Transcript, news coverage of California Department of Public Health lawsuit

From CBS San Francisco Bay Area
February 24, 2017


Phil Matier: Welcome back. California could have to hand over some documents they’ve been trying to keep under wraps.

Maria Medina: It’s interesting. A Superior Court judge ruled the state must release the papers discussing the risk of cell phone use. Julie has more on the battle for public information in this weekend’s Consumer Watch.

Julie Watts: Yes, the documents were written by the state’s Environmental Health Investigations branch, believed to contain cell phone radiation warnings and recommendations for public use.

But the state refused to hand them over when requested by the director, by a director at UC Berkeley’s School of Public Health.

So he sued the state under the [California] Public Records Act, and Friday, we asked Joel Moskowitz why.

M: It will inform the public that there is indeed concern among the health professionals within the California Department of Public Health that cell phone radiation is a risk, and it will provide them with some information about how to reduce those risks.

J: And why do you think the state is trying to suppress this document?

M: They claim that they are concerned that this would lead to chaos and confusion among the public. I suspect that they were afraid of the reaction of the telecommunications industry should they publish this document; in fact, they even argued that in their brief.

J: Now in a tentative ruling Friday, a judge said the documents are in fact public record, stating in part there is significant public interest in DPH’s investigation into risks associated with cellular use and advising the public about those risks.

Moskowitz cites new research that finds that quote a significant relationship between cell phone of 10 or more years and increased brain tumor risk. However, the FCC officially says there is no evidence of a quote definite link between wireless devices and cancer.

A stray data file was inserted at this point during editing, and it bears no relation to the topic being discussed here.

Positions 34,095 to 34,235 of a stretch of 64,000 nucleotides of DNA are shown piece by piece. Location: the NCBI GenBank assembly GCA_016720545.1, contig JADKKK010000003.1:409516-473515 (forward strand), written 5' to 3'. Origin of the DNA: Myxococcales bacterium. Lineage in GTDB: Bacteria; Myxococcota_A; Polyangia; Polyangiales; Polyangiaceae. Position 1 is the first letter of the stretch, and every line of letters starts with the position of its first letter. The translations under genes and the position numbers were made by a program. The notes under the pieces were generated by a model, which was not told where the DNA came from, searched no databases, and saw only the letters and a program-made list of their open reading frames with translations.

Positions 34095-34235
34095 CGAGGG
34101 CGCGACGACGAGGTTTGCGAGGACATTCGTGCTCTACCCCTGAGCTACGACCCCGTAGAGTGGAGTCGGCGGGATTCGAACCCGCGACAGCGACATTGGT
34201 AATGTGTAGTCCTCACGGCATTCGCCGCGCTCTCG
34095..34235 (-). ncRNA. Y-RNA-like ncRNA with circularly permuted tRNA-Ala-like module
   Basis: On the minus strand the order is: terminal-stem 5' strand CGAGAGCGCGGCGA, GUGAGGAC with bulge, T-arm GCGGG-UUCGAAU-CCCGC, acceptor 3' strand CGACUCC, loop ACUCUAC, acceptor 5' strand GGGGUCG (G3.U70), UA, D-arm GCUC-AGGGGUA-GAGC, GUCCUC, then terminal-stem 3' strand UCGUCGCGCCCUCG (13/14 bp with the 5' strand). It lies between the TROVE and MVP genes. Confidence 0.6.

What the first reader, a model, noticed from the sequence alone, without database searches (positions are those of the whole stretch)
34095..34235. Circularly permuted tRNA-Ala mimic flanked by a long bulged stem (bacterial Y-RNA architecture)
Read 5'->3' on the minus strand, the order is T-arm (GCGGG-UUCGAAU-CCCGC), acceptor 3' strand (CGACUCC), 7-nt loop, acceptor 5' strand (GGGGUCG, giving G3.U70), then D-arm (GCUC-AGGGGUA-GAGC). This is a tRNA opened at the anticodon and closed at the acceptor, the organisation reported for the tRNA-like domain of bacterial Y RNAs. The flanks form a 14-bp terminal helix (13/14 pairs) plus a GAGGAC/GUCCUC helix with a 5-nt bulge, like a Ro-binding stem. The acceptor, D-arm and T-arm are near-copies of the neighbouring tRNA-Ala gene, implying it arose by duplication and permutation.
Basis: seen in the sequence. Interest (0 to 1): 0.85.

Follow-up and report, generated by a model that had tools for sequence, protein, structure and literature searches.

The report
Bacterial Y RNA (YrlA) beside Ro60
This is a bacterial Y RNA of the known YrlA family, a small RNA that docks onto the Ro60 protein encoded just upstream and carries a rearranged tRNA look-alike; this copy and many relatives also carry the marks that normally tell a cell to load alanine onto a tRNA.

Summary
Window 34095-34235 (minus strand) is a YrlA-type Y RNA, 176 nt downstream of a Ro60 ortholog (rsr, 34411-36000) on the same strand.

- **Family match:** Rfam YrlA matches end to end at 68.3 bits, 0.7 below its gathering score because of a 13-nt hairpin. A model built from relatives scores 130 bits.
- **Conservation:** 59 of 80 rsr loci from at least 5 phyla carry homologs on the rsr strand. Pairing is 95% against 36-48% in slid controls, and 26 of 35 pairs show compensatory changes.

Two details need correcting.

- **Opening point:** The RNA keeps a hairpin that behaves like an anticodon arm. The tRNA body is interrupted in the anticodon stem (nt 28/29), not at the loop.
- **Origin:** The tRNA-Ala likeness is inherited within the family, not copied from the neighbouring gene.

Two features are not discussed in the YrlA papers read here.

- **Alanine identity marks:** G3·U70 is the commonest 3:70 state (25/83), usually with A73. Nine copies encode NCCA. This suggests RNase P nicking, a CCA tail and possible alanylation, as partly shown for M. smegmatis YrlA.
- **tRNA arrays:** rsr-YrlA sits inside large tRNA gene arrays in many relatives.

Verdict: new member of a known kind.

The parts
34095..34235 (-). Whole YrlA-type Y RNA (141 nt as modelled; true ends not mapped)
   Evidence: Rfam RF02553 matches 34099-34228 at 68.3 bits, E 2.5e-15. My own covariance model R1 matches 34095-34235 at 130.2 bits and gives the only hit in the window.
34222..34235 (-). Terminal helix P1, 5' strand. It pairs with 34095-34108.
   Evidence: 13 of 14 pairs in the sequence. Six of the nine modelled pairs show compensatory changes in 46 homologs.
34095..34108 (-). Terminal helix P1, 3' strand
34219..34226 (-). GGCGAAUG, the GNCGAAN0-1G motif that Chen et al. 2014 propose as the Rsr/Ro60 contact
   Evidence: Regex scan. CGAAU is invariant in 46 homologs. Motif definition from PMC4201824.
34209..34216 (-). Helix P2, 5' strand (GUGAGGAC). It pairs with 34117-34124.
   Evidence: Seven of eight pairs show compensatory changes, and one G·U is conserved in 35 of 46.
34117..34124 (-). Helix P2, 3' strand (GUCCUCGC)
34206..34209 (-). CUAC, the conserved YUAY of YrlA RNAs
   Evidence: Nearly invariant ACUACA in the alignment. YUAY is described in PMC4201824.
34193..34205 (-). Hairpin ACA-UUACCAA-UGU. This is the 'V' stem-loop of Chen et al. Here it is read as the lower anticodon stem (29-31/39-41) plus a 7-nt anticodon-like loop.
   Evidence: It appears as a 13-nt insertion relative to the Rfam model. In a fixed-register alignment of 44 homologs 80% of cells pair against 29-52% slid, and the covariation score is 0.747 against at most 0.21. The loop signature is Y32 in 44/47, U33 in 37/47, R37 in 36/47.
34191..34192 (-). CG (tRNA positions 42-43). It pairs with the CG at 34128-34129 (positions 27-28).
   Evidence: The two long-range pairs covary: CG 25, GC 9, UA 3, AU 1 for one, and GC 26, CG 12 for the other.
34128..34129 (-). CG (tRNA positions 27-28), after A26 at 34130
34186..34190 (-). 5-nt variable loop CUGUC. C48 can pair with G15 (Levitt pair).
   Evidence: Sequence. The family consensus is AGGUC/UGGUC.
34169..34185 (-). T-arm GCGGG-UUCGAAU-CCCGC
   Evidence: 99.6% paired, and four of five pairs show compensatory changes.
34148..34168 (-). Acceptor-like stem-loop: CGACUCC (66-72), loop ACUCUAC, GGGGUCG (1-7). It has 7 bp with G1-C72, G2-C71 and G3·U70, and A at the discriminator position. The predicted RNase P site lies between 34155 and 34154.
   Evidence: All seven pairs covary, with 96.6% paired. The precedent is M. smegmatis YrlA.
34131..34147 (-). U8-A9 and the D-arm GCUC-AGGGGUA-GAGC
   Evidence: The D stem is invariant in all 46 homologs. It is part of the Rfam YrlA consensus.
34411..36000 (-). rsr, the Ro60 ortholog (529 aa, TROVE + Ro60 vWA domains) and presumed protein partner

Now the Department of Public Health wouldn’t comment on the ruling or if it intends to release the document. They could appeal. Joining us today is Claudia Polsky who represented Dr. Moskowitz in this case against the state.

So, Claudia, I have to start with why do you believe that these documents are public records? Did public funds, did taxpayer dollars pay for this research?

C: Absolutely, Julie. This is your money, my money, viewers’ money, Taxpayer- funded scientific research over a period of years resulted in a review of the scientific literature about cell phone risk and the production of a document that was supposed to reach the public informing people about how to reduce risks from cell phone use.

J: And we aren’t exactly sure why it never did reach the public. The state’s primary argument was that the document is a draft and therefore exempt from the public records act.

Now the court ruled that. In order to use that exemption, the state would have to prove three things:

1) that it is in fact a preliminary draft, not its final form

2) that the document would not normally have been retained by the agency so we couldn’t request it, and then

3) that the harm in releasing it outweighs the public interest. On that point, the state argued releasing it would cause panic.

So what did the court find on all three of these points? Again, when I say we, I mean we as the public like have a right to public information.